The rain stopped, the skies cleared, and we pulled into American RV Park in Albuquerque.  We beheld a wondrous sight:

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We parked The Villa and set up – we are here for 4 nights…

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We had a little Happy Hours and met a few of the other caravaners.  We also received our Drivers Manual, so we now know where we are going to be for the next 51 days.  We watched the sun set…

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And an enjoyable time was had by all…

 

 

 

 

 

 

2018-08-17 – Traveling East – Day 2 – The Grand Canyon

Exciting day ahead!  We are in Williams, AZ, and we are boarding the train bound for the Grand Canyon!  I’m not sure if I’m more excited about the Grand Canyon, or about the train trip…!  (Full disclosure:  I saw the Grand Canyon in 1961 when I was 10 years old… I was not impressed with a big hole in the ground…  On the other hand, Lynda has not seen it, so this will be a first for her…)

The day began with a corny “wild west” shootout…

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Then we boarded the train; we were seated in the full-length dome car.  We thoroughly enjoyed the panorama view of the beautiful countryside…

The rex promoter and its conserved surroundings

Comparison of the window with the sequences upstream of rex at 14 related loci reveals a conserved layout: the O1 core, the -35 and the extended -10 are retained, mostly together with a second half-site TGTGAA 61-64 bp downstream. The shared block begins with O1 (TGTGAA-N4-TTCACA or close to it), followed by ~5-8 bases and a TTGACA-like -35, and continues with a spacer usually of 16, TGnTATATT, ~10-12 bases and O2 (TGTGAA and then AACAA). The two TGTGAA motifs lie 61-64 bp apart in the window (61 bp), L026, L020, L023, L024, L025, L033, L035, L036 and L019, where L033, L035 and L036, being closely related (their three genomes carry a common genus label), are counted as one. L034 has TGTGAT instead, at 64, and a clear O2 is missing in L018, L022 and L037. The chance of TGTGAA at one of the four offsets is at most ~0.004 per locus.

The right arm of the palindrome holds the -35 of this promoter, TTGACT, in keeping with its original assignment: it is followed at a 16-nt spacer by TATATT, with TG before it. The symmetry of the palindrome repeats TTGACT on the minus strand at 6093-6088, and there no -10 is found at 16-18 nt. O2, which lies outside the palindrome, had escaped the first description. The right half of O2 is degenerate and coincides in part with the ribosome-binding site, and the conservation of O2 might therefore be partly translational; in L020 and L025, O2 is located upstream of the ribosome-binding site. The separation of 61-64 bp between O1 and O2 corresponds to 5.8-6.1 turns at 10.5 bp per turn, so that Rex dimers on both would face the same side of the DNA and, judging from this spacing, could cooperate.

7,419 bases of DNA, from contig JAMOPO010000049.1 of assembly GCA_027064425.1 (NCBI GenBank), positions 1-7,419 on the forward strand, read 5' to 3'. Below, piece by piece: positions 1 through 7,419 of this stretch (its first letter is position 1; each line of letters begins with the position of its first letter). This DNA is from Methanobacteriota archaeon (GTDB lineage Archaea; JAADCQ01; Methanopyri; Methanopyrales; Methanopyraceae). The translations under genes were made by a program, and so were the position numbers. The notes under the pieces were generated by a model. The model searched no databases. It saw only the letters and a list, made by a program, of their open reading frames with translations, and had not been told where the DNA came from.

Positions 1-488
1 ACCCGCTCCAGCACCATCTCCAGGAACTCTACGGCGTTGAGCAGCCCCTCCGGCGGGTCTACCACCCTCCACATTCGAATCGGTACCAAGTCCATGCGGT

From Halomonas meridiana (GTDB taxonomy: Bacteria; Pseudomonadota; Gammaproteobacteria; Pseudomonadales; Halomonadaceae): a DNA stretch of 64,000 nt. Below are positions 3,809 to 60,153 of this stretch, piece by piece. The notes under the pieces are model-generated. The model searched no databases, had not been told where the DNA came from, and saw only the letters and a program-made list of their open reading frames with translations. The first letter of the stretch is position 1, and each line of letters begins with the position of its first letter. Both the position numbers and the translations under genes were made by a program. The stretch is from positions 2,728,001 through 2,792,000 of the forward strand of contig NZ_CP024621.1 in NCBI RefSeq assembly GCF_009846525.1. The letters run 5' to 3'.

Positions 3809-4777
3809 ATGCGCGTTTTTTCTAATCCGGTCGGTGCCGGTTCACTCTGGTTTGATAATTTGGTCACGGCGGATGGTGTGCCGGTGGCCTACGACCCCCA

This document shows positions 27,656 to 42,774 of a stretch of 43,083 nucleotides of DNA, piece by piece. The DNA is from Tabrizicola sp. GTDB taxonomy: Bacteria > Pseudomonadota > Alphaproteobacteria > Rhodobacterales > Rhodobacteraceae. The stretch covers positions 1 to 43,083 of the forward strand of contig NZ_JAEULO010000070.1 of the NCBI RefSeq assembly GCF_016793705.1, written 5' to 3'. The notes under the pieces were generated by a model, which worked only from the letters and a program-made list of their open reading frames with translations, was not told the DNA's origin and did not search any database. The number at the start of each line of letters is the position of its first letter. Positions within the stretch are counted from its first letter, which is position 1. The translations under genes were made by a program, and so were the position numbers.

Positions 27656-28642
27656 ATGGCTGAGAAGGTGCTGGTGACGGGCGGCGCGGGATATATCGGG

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What’s better than a train ride!

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We arrived at the Grand Canyon.  Yep – it’s still a big hole in the ground…

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We did enjoy the various rock formations…

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And the buildings are certainly worth looking at… Above is the El Tovar Hotel…

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And this (above) is one of the many gift shops, and it is also a great place to take photos…

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We even tool pictures of the picture takers…

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We had lunch at the El Tovar Hotel, with a lovely scenic view…

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After lunch we walked and looked at more rocks…

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And then, just like that, it was time for the return trip on the train…

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This time we were seated in the parlor car, at the very end of the train; it even had the outdoor viewing platform.

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Riding backwards was a great pleasure – watching 270 degrees or a panorama of the mountain landscape…